The United Nations Commission on Sustainable Development ended its current session today with a forward looking work plan – built around two-year “implementation cycles” on related issues – to focus efforts on ensuring the broadest possible support for achieving global development goals.
As the key UN forum bringing countries together to consider ways to integrate the three dimensions of sustainable development - economic growth, social development and environmental protection - the Commission approved a multi-year programme of work featuring different thematic clusters of issues for each cycle. The first, to be addressed in 2004 and 2005, would include water, sanitation, and human settlements.
The text says that following that, the second cycle would focus on energy, industrial development, air pollution, and climate change. The third would be devoted to agriculture, rural development, droughts, and desertification. The fourth cluster would be devoted to waste management, the fifth involved forests, biodiversity, biotechnology, tourism, and mountains, and the sixth, to be discussed in 2014 and 2015, comprised oceans and small island developing States (SIDS).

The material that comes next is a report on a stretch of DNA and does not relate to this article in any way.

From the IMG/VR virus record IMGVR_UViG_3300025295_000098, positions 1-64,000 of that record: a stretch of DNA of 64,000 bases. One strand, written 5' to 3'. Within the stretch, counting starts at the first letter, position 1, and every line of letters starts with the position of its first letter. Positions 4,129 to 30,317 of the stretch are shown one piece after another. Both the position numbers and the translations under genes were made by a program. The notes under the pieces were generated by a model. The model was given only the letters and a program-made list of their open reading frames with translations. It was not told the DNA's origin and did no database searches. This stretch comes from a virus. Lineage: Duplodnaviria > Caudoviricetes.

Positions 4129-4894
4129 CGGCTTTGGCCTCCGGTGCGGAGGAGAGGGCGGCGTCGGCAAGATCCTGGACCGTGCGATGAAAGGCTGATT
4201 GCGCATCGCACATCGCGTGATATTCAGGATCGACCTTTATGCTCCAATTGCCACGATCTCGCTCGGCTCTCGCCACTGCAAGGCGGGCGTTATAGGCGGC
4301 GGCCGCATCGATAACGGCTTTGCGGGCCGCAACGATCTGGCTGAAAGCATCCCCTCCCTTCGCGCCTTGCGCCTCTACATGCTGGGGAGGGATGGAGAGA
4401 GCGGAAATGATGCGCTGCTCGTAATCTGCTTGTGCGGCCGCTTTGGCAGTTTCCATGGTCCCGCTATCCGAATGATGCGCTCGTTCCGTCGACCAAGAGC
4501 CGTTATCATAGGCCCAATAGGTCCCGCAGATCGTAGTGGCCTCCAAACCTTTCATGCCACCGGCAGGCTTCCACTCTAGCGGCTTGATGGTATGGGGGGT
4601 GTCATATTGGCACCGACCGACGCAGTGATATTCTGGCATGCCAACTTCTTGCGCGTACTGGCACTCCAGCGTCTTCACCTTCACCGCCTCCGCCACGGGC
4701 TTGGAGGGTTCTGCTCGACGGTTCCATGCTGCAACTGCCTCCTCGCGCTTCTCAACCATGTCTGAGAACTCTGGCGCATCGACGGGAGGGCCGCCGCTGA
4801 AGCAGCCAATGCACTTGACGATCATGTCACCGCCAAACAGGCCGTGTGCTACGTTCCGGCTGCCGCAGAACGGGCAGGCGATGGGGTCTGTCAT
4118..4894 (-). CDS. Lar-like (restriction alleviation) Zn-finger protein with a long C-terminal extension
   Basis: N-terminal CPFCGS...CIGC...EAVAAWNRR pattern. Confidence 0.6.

The years 2016 to 2017 would be devoted to an overall appraisal of implementation of goals laid down in "Agenda 21" - a blueprint for sustainable development agreed upon at the 1992 UN Conference for Environment and Development in Rio de Janeiro, Brazil -- and the Plan of Implementation adopted at the 2002 World Summit on Sustainable Development (WSSD) in Johannesburg, South Africa.
Closing out its eleventh session at UN Headquarters in New York this afternoon, the Commission approved that draft resolution on its future work programme, which must later be approved by the Economic and Social Council (ECOSOC), aimed at better implementation of goals laid down in global conferences as well as assisting in the achievement of the Millennium Development Goals adopted by the UN General Assembly in 2000.
At a press conference earlier, Nitin Desai, UN Under-Secretary-General for Economic and Social Affairs, summed up the session, calling it an overall success. He supported the text approving the thematic clustering of development issues, saying that now, progress would "not be limited to shallow discussion of a range of issues that was too wide." Because the thematic clusters were coherent and focused, he felt that the participation of officials other than environmental ministers would be facilitated, and that broader governmental participation would be good for the implementation of sustainable development agreements.